Mail Meals

  • Soups - There are many tasty soups in Maltese gastronomy including vegetable soup (Minestra) and Widow’s Soup (Soppa Tal-Armala), which got its name from the simple ingredients: tomatoes and other vegetables combined with ricotta cheese or gbejniet cheeselets. Another popular soup is boiled fish soup with tomatoes and garlic (aljotta).
  • Rabbit - Popular with the Maltese with the locals eating it in many different ways. Some of their favourite are rabbit stew with wine and herbs, roast rabbit, fried rabbit or even as a sauce to go with a spaghetti dish.
  • Fish Pie - This is a delicious pie prepared with lampuki (dorado), a fish the Maltese love but can only find from September to November. Inside the pie, one can find vegetables, walnuts, olives and raisins.
  • Beef Olives (Bragioli) - Slices of beef or veal stuffed with a combination of cheese, ham and herbs cooked gently on the stove or in an oven.
  • Baked Rice (Ross il-forn) - Baked rice with minced pork, beef, bacon, eggs and ricotta cheese.
  • Stewed Octopus - A sauce octopus with onions, tomatoes, olives and capers.
  • Swordfish in caper sauce - Fried swordfish with a sauce of capers, tomatoes and onions.
  • Fried or oven-baked fish - Normally, lampuka (dorado), considered to be the national fish and served with a rich tomato sauce with capers, olives, garlic and some fresh herbs added as a garnish.
  • Pasta Pie (Timpana) - A macaroni plate with minced beef and pork, eggs, cheese, chicken liver and bacon. It’s one of the most sought-out Maltese comfort foods during winter.
  • Gozitan Ftira - Sometimes advertised as the Maltese version of pizza but the only thing it has in common with pizza is the flat bread base. Typical ingredients include a layer of thinly sliced potatoes, onions and fresh tomatoes plus any choice of Mediterranean ingredients. The most traditional version also features olives, capers and tuna or anchovies.

 Desserts and Sweets

  • Nougat (Qubbajt)- This is similar to nougat and made with almonds and honey. Traditionally, it would only be seen at feasts or special events but now one can find it year-round in stalls and local shops.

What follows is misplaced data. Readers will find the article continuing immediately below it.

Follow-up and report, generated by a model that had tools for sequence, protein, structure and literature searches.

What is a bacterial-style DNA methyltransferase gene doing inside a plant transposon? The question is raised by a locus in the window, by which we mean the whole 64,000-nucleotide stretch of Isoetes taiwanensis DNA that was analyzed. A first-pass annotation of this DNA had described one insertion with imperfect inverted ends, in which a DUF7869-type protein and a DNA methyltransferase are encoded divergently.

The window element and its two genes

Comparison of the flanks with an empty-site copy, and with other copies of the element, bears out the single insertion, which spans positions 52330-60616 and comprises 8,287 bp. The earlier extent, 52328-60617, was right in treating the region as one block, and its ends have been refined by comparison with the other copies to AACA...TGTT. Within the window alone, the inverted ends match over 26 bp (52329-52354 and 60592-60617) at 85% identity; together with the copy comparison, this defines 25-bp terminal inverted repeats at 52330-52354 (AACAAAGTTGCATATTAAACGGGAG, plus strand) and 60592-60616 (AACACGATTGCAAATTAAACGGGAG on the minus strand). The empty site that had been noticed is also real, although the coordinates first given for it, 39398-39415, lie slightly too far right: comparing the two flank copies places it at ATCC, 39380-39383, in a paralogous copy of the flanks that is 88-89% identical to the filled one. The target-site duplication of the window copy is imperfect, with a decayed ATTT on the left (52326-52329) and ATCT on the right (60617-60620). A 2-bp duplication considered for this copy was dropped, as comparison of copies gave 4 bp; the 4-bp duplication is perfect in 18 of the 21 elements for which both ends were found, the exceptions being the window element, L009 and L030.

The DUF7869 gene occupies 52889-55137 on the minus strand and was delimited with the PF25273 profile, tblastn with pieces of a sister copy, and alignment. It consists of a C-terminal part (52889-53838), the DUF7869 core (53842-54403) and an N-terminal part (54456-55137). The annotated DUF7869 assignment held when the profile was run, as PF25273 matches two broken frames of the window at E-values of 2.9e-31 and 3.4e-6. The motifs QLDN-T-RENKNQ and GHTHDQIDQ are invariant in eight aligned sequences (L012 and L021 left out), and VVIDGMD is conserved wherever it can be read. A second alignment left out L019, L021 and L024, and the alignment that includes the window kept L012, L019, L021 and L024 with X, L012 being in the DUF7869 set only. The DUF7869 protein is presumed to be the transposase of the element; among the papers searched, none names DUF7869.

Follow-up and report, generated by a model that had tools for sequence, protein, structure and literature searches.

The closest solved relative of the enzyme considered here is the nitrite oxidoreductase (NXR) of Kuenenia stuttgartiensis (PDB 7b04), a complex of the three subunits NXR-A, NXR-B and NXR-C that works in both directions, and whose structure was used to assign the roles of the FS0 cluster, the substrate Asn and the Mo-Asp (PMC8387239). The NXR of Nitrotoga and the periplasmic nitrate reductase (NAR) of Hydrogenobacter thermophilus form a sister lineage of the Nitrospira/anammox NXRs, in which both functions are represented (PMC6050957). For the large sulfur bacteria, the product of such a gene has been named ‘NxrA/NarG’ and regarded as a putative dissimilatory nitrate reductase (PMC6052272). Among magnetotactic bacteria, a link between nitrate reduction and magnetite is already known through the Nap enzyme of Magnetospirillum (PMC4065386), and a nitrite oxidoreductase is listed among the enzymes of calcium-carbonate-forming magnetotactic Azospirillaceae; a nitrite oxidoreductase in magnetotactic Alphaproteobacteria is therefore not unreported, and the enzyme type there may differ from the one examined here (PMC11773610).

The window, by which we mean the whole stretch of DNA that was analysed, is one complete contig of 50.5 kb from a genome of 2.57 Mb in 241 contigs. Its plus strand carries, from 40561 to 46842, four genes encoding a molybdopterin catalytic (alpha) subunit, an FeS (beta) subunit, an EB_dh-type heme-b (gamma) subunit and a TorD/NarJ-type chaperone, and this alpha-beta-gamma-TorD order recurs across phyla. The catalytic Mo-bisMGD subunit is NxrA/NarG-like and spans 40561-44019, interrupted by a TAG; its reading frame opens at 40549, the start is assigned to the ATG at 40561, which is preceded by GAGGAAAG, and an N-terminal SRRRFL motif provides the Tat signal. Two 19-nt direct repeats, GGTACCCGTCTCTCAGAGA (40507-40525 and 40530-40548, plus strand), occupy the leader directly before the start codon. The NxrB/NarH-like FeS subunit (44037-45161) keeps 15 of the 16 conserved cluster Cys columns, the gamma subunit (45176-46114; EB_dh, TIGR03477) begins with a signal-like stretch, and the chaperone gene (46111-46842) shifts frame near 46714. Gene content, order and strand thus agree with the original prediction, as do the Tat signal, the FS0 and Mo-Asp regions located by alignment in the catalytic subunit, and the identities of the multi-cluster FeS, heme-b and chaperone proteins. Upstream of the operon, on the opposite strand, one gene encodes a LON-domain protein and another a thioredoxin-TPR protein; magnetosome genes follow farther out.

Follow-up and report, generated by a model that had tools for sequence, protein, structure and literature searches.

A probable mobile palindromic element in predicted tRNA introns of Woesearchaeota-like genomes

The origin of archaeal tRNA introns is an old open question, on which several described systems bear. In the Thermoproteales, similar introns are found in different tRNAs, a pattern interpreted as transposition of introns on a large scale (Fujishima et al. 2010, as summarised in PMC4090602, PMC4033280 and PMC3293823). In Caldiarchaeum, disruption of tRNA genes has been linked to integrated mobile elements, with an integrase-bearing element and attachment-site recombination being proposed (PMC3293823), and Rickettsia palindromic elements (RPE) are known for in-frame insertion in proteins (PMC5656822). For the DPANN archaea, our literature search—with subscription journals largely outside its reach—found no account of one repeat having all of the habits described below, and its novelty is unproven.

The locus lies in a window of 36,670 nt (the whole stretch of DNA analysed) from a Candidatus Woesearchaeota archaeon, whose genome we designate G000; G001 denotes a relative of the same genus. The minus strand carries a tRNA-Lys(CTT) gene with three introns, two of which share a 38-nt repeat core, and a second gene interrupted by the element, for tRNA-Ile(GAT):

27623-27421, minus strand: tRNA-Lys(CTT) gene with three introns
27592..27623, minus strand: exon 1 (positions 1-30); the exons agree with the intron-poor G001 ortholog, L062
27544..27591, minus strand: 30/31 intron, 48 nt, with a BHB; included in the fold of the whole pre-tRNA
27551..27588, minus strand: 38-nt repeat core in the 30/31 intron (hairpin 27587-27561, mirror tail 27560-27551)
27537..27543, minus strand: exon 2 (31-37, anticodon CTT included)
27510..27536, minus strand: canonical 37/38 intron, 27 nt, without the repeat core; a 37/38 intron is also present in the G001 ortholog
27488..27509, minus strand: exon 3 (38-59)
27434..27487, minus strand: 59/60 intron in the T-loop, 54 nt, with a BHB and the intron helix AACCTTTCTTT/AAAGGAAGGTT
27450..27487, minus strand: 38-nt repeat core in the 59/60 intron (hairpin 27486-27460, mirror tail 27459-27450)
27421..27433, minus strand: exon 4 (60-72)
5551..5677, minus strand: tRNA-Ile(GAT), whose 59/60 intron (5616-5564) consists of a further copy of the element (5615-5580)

• Date pastries (Imqaret)- One of the traditional remnants of the Arab world that was left behind in Malta. Cut in fine rectangular shapes, this is a delightful recipe consisting of deep fried date-filled pastries. The dish name itself is the plural of maqrut which derives from the Arabic word meaning diamond.


Drinking in Malta can be a wonderful experience too. Some Maltese wines are excellent and the some goes for Cisk, the local refreshing beer. You can also try some popular local ales like Hopleaf Pale and Blue Label Ale, as well as some local liqueurs like Anisette (from the aniseed) and Bajtra (from the prickly pear).

The favourite soft drink in Malta is Kinnie, available only in the Maltese islands and nowhere else in the world. It’s a slightly bitter, fizzy drink which tastes of orange and herbs. The Maltese also love tea and coffee, both usually served with milk.



With a diet rich in fresh seafood and fish, local herbs and vegetables, and the local delicacy of rabbit, Malta has long been the unsung cuisine of the Mediterranean kitchen. Book a trip now: you’ll experience superb cooking in beautiful settings, and explore a culinary culture that resonates with centuries’ worth of influences and the joy of food.